- Olfactory nerves (cranial nerve I): transmit information regarding odor from the upper section of the nasal cavity to the olfactory bulbs on the base of the brain
- Optic nerves (cranial nerve II): carry visual information from the retina to the primary visual nuclei of the brain. Each optic nerve consists of around 1.7 million nerve fibers
- Terminal nerves (cranial nerve 0): the smallest of the cranial nerves, their role is not yet clear. Some believe they may be vestigial (an evolutionary byproduct with no remaining function) or involved in sensing pheromones (secreted hormones that cause responses in social animals).2
The brain is the most complex organ in the human body; the cerebral cortex (the outermost part of the brain and the largest part by volume) contains an estimated 15-33 billion neurons, each of which are connected to thousands of other neurons.
In total, around 100 billion neurons and 1,000 billion glial cells make up the human brain.3
The brain is the central control module of the body and coordinates a multitude of tasks. From physical motion to the secretion of hormones, the creation of memories and the sensation of emotion.
To carry out these roles, some sections of the brain have dedicated roles. However, many higher functions - reasoning, problem solving, creativity - involve different areas working together in networks and recruit different modules at different times.
The brain is roughly split into four lobes, a simplified description of each is given below:
The brain can be roughly split into four lobes, shown as green, purple, yellow and pink in this picture.
- Temporal lobe (green): the temporal lobe is important for processing sensory input and assigning it emotional meaning. It is also involved in laying down long-term memories in conjunction with the hippocampus. Some aspects of language perception are also housed here
- Occipital lobe (purple): the occipital lobe is the visual processing region of the mammalian brain, housing the visual cortex. Damage to the primary visual cortex can cause blindness
- Parietal lobe (yellow): the parietal lobe integrates sensory information including touch, spatial awareness and navigation. Touch stimulation from the skin is ultimately sent to the parietal lobe. It also plays a part in language processing
- Frontal lobe (pink): positioned at the front of the brain, the frontal lobe contains the majority of dopamine-sensitive neurons and is involved in attention, reward, short-term memory, motivation and planning.
The following are some specific brain regions of note with a summary of their theorized functions. The list is by no means exhaustive:
- Basal ganglia: involved in the control of voluntary motor movements, procedural learning and decisions about which motor activities to carry out.4 Diseases that affect the area include Parkinson's disease and Huntington's disease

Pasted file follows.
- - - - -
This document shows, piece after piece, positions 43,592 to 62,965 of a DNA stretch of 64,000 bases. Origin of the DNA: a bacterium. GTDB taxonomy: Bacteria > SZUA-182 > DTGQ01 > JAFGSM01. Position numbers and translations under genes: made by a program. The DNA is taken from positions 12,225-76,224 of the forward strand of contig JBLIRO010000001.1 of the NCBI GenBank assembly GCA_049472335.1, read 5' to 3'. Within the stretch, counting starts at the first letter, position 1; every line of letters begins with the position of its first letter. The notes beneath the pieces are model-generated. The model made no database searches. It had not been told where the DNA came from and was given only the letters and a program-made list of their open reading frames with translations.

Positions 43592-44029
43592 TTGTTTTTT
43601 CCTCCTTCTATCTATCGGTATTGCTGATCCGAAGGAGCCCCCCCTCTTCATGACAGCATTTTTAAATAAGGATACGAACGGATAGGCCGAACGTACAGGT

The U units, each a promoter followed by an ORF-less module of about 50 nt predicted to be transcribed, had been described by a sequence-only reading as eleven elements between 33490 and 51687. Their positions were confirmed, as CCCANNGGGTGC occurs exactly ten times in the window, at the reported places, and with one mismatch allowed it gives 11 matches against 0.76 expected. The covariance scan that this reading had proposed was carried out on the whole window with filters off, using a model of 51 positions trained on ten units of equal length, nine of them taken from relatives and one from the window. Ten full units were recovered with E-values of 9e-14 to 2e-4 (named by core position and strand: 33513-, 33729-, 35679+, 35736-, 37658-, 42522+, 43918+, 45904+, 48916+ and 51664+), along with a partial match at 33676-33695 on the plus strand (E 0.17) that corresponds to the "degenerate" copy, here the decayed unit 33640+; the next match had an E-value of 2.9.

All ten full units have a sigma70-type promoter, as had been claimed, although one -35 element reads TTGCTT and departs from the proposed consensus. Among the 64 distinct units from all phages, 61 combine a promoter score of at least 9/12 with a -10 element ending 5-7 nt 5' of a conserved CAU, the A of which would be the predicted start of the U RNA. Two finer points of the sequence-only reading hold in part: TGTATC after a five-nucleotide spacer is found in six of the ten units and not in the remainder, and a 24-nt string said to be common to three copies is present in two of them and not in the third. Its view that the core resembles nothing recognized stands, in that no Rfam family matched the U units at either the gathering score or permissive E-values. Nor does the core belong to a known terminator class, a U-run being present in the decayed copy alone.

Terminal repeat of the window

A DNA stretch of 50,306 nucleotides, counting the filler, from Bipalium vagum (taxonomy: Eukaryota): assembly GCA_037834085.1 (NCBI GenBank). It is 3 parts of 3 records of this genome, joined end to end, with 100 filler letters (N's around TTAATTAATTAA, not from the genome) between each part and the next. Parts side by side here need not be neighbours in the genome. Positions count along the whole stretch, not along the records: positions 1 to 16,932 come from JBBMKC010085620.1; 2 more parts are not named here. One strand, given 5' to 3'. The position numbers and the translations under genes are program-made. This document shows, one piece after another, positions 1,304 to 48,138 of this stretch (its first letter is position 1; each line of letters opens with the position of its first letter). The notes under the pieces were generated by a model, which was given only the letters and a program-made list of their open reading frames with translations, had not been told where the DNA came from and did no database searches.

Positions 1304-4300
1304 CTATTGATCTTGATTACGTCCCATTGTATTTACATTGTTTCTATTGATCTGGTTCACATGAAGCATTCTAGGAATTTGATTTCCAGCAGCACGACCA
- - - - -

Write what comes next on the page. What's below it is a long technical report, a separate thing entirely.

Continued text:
- Cerebellum: (shown in blue in the diagram above) predominantly involved in fine, precise motor control, but also involved in language and attention. If the cerebellum is damaged, the primary symptom is disrupted motor control, known as ataxia
- Broca's area: this small area on the left side of the brain (sometimes on the right, in left-handed individuals) is important in language processing. When damaged, an individual finds it difficult to speak but can still understand speech. Stuttering is sometimes associated with an underactive Broca's area5
- Corpus callosum: a broad band of nerve fibers that join the left and right hemispheres. It is the largest white matter structure in the brain and allows the two hemispheres to communicate. Dyslexic children have smaller corpus callosums and left-handed people, ambidextrous people and musicians typically have larger ones6
- Medulla oblongata: extending below the skull, it is essential for a number of involuntary functions such as vomiting, breathing, sneezing and maintaining the correct blood pressure
- Hypothalamus: sitting just above the brain stem and roughly the size of an almond, the hypothalamus secretes a number of neurohormones and influences a variety of responses including body temperature control, thirst and hunger
- Thalamus: sitting centrally in the brain, the thalamus receives sensory and motor input and relays it to the rest of the cerebral cortex. It is involved in the regulation of consciousness, sleep, awareness and alertness
- Amygdala: two almond-shaped nuclei deep within the temporal lobe. They are involved in decision-making, memory and emotional responses, particularly negative emotions.
Central nervous system diseases
A system as complex and sizable as the CNS can malfunction for a number of reasons. Below are the major causes of disorders that effect the CNS:
The CNS is susceptible to many diseases and injuries, ranging from infection to cancer.
- Trauma: any significant injury to the brain or spinal cord can cause negative health consequences. Depending on the site of the injury, symptoms can vary widely, from paralysis to mood disorders
- Infections: various micro-organisms and viruses can invade the CNS. These include fungus such as cryptococcal meningitis; protozoa, including malaria; bacteria, as is the case with leprosy, or viruses
- Degeneration: the spinal cord or brain can degenerate, causing different issues dependent on which areas degenerate. One example is Parkinson's disease which involves the gradual degeneration of dopamine-producing cells in the substantia nigra, part of the basal ganglia
- Structural defects: the most common examples within this category are birth defects; these include anencephaly, where major parts of the skull, brain and scalp are missing at birth
- Tumors: both cancerous and noncancerous tumors can impact parts of the central nervous system. Both types can cause damage and yield an array of symptoms depending on where they develop
- Autoimmune disorders: in some cases, an individual's immune system can mount an attack on healthy cells. For instance, acute disseminated encephalomyelitis is characterized by an immune response against the brain and spinal cord, attacking myelin (the nerves' insulation) and, therefore, destroying white matter
- Stroke: a stroke is an interruption of blood supply to the brain; the resulting lack of oxygen causes tissue to die in the affected area.7
Neurosurgeons have used a laser probe to open the brain's protective cover long enough to deliver chemotherapy drugs for treating glioblastoma, the most common and aggressive form of brain cancer. The results are published in PLOS One.
New research, published this week in Neurology, confirms that remaining physically and mentally stimulated helps to stave off cognitive decline. However, the underlying brain alterations involved in Alzheimer's disease do not seem be affected in most individuals.